A tip-off from a South African diving instructor has led an international team of marine biologists to identify a new species – the first pygmy seahorse ever to be found in Africa.
Located in diving hotspot Sodwana Bay in Kwa-Zulu Natal, the tiny Hippocampus nalu is the first of its kind to be found anywhere in the Indian Ocean – and becomes the eighth species of pygmy seahorse to be described.
The other seven species, all but one of which were discovered this century, live thousands of miles away, mainly in South-east Asia.
Instructor Savanah Olivier was the first to notice and photograph the tiny, well-camouflaged fish during her dives. When Drs Louw Claassens and Dave Harasti arrived in the area in early 2018 in search of pygmy pipehorses, they were surprised when Olivier showed them her seahorse pictures.
Dr Claassens returned in October with UK pygmy seahorse specialist and underwater photographer Dr Richard Smith, who earlier that year had identified the Japanese pygmy seahorse (Hippocampus japapigu), as described on Divernet.
Guided by Olivier, who had not seen the pygmy seahorses for some months, the divers were eventually able to find a pair, a pregnant male and a female, on a rocky reef 15m down.
The two seahorses were grasping fronds of microscopic algae in what was described as a “raging surge” that was effectively “sandblasting” them. The regular swells on the South African coast contrast with the sheltered coral reef habitats often favoured by Asian pygmy seahorses, and the divers reported nearly losing them in the rough conditions.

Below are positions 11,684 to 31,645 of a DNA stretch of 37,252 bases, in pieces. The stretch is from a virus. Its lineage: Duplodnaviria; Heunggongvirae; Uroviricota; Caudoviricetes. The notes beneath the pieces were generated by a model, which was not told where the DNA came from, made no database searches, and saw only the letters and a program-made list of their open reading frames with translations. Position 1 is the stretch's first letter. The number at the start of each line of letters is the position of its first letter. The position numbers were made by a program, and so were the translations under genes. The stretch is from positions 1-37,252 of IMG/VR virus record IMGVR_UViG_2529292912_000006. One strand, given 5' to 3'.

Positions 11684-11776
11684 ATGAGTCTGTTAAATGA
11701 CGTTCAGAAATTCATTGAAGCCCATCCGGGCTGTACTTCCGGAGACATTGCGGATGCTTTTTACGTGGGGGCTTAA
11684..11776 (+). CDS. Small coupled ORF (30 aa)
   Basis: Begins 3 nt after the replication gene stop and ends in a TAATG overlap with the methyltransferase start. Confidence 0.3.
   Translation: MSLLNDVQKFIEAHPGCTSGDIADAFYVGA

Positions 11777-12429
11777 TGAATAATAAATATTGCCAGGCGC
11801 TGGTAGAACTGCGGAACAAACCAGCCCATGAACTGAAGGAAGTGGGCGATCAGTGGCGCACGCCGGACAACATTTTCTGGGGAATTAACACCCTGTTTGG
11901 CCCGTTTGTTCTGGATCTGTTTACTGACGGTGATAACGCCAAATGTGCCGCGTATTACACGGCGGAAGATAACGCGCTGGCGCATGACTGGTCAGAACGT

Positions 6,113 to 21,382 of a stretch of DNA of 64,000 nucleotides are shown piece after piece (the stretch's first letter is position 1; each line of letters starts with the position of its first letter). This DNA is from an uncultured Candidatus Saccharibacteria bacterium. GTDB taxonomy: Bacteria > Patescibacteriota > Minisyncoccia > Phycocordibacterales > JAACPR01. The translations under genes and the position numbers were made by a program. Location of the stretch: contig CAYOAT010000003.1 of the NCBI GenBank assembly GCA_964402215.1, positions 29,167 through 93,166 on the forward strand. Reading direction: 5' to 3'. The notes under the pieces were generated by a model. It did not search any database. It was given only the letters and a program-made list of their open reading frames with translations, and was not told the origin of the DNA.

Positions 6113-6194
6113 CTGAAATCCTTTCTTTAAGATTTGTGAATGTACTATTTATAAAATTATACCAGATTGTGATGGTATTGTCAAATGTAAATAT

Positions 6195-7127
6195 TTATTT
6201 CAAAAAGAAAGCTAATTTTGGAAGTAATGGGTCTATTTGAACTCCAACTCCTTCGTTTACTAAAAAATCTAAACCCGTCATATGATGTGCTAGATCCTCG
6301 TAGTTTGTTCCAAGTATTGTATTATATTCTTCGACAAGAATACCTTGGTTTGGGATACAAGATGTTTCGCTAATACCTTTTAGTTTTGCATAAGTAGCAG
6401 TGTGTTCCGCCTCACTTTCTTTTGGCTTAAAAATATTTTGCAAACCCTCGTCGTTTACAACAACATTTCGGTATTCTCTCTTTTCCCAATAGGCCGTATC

Dr Smith described the discovery as “equivalent to finding a kangaroo in Norway” and, after finding a dark-coloured 1cm juvenile on a later dive, he concluded that there was likely to be a breeding population in the area.
The new species is thought to grow to just over 2cm – the biggest-known pygmy seahorse to date has measured 2.7cm – and is honey-brown overlaid with a white net pattern and a pinkish tail. It has a short snout and a thick neck with protruding filaments.
Underlying distinctions between the African and more familiar Asian species were established through examination by other international experts. Researcher Graham Short compared them using a microscope and CT scanner, while Mike Stat carried out genetic analyses.
The team, which also included Maarten De Brauwer and Healy Hamilton, were able to confirm the Sodwana pygmy seahorse as a new species and give it the scientific name Hippocampus nalu.
The word “nalu” has three layers of meaning – it translates as “here it is” in the local Xhosa and Zulu languages, indicating that it had been present but unseen all along, and “surging surf” in Hawaiian, reflecting its wild habitat. It is also the middle name of Savanah Olivier.